The true and legal responsibility, per federal and state laws, of teaching a child who is blind how to read, write, and meet educational standards, lies with the Local Education Agency, the school district. But without informed parental advocacy based on knowledge of your child’s federal and state educational rights, it’s not likely to happen. Here’s what I mean in an advocacy article published in Future Reflections magazine. It details (and names resources) how we became effective, forceful parent advocates to ensure our daughter would learn to read, write, and become as independent as possible considering her dual-sensory impairment. This article should be read by all parents raising children with physical or learning disabilities, preferably before the child is three, but ASAP.

Technology to write and read in Braille

The school district must provide adaptive technologies for your child when there are goals in the written Individual Education Plan (IEP) that require them as support. No goal? No technology. The technology that my daughter has used through the years I will simply list because that’s another set of articles I could write. There are YouTube videos you can watch if you’re curious: Mountbatten Brailler, the BrailleNote (her current favorite tool with refreshable Braille display that she’ll use into adulthood), a slate and stylus (the equivalent of pencil and paper) and her “Long Braille Cell” for learning new words as we travel around.

Braille is Beautiful

Those who know me have heard me say “Braille is Beautiful.” I’ve forgotten where I first heard that. Watching my daughter delight in reading a book or the latest issue of Spider magazine is like magic: bumpy dots pass under her trained, sensitive fingertips, her memory quickly accesses and processes what words, numbers, punctuation marks they represent. She reads aloud to me with voice inflections, emotion, and laughter – beautiful magic.

I want you to meet my daughter Milagro through video, because it’s unlikely that you’ve ever met a blind child (it’s an extremely low incidence disability), much less a child who is blind and literate. Here you go, mijita Milagro:

as preschooler descending escalator with her cane.

reading a poem to class in kindergarten

local news story about our attitude in raising her as independent person

Local story with video about a day in the life of a blind child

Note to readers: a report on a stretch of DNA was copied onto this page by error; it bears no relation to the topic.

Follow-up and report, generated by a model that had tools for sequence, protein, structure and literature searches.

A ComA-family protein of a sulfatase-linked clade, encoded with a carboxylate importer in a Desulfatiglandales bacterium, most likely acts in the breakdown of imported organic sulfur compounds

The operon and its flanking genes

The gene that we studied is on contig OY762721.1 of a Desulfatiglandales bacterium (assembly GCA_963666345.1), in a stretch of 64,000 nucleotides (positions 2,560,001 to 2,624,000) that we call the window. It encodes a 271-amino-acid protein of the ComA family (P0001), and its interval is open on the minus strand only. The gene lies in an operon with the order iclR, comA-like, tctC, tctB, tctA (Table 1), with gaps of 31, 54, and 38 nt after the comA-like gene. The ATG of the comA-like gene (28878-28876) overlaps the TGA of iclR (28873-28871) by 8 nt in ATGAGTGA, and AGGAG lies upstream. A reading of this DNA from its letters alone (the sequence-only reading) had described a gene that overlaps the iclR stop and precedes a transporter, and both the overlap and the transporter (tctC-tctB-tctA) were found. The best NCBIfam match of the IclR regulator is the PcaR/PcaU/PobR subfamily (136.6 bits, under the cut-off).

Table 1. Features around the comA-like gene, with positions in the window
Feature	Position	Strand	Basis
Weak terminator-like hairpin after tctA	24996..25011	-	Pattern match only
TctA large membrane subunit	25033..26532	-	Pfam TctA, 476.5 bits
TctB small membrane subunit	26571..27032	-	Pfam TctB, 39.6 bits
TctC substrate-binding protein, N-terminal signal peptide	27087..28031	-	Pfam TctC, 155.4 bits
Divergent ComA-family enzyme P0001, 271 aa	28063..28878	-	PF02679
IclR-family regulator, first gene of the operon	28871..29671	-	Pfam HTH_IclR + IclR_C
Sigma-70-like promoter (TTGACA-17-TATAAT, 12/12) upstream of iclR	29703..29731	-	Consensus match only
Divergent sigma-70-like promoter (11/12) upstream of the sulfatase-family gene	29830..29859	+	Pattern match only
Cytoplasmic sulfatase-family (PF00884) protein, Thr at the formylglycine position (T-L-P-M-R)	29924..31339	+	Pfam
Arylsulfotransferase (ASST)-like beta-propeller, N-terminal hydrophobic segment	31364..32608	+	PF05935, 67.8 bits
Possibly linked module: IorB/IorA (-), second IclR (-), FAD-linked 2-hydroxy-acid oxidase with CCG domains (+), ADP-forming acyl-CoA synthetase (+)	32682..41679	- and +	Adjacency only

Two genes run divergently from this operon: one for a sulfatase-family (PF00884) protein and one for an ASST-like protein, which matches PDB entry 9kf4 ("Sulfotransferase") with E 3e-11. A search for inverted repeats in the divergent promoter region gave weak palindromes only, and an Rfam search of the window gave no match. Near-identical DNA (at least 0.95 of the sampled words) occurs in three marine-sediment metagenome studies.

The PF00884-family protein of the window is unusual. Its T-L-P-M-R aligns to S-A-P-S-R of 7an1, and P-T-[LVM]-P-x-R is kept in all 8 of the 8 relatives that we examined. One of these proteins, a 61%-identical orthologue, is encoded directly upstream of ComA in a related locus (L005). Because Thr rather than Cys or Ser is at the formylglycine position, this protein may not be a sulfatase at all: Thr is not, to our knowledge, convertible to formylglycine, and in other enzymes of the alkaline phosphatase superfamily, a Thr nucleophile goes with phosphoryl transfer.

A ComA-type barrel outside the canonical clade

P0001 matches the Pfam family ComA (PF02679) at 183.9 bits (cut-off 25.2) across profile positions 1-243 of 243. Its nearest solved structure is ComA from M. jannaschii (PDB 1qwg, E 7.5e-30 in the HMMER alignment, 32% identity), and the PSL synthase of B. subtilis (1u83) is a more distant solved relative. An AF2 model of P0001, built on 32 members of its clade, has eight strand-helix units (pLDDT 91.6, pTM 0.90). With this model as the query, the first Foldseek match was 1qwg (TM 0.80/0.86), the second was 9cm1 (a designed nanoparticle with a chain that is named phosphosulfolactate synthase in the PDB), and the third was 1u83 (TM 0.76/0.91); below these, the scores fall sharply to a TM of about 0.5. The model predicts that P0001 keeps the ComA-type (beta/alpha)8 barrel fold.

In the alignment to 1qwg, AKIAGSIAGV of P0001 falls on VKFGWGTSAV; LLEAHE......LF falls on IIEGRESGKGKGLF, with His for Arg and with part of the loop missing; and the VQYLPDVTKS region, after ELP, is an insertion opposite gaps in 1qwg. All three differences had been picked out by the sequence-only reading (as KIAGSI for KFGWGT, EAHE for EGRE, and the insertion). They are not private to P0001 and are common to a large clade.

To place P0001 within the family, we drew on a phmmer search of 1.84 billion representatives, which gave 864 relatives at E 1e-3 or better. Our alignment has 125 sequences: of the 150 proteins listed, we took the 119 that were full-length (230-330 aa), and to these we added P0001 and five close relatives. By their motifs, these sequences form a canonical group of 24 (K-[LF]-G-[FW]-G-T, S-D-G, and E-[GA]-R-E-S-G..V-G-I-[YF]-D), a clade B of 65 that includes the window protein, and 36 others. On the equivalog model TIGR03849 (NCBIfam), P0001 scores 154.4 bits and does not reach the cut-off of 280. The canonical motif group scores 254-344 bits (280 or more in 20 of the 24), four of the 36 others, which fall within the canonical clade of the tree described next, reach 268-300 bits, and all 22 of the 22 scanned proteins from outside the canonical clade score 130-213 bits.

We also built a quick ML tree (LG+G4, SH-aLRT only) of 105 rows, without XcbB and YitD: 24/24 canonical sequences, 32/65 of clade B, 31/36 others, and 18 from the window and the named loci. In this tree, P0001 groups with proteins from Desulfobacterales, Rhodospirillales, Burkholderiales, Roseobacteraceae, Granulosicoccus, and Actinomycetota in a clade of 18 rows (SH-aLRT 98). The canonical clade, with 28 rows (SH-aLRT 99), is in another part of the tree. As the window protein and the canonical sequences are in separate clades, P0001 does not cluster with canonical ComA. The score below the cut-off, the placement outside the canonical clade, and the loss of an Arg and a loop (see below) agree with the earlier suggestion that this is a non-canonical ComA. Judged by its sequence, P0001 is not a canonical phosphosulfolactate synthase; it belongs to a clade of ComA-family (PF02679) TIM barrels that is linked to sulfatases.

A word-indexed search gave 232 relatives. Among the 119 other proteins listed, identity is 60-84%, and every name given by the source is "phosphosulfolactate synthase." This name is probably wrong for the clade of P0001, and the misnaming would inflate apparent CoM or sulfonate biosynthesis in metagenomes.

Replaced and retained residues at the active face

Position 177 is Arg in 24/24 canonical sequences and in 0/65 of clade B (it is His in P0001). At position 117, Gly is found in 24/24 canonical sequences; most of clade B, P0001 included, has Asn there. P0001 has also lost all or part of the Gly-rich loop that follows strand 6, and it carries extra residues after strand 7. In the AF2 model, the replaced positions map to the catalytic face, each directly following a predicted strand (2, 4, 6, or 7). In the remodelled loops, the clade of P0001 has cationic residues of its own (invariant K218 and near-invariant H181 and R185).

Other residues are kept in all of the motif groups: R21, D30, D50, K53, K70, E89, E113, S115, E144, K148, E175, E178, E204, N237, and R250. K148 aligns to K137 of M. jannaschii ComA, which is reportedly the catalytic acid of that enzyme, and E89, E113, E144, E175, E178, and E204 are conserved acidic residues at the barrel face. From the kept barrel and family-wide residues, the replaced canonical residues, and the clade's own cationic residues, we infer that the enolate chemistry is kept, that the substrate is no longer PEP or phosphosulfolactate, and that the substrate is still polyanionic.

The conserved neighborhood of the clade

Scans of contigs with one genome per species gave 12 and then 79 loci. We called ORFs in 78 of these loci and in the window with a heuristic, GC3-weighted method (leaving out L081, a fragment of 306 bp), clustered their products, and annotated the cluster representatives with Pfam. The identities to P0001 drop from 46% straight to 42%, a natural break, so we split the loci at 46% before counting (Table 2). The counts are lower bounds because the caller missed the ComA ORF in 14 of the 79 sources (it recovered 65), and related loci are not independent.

I trust you see the confident, happy, literate young lady she has become. In early September, she started middle school at the California School for the Blind, a terrific college-like campus just 23 minutes from our home. Her teacher of the visually impaired (TVI), a highly specialized educator who has trained in teaching Braille, happens to also be a lifeguard. My daughter is now swimming twice a week for PE, causing her two younger siblings to say, “No fair, I wish I was blind.” Sigh…

Even though my daughter is now a commuter student at the age of 11, taking a cab with two other students in the area to their campus in the next city, I’m ready for this new phase. I also know she’s ready, because every day this summer she kept saying, “I’m so excited for the California School for the Blind.”

I’m excited to see how much more she will learn in the years ahead. My husband and I take credit for the decision we made years ago to insist that her federally-guaranteed educational rights be enforced. We ensured that every educator on her huge IEP team had the highest expectations of her and that those who didn’t were removed. It’s been an extraordinarily challenging twelve years, but Milagro’s love of reading and her voracious appetite for writing on her BrailleNote, is truly the most gratifying reward.


Graciela is a military veteran and Chief Creative Officer of San Francisco area publishing and multicultural marketing firm Gracefully Global Group LLC that she founded in 2010. She’s a publisher and public speaker by day, mother of three always and blogger and business owner by night. In her pre-motherhood life, Graciela graduated from U.C. Berkeley and traveled the world as an aircraft navigator onboard the U.S. Air Force KC-135 refueling tankers. Her military aviation career is the basis of her first bilingual children’s book (in a planned series) titled Good Night Captain Mama /  Buenas Noches Capitán Mamá. Read her full bio here.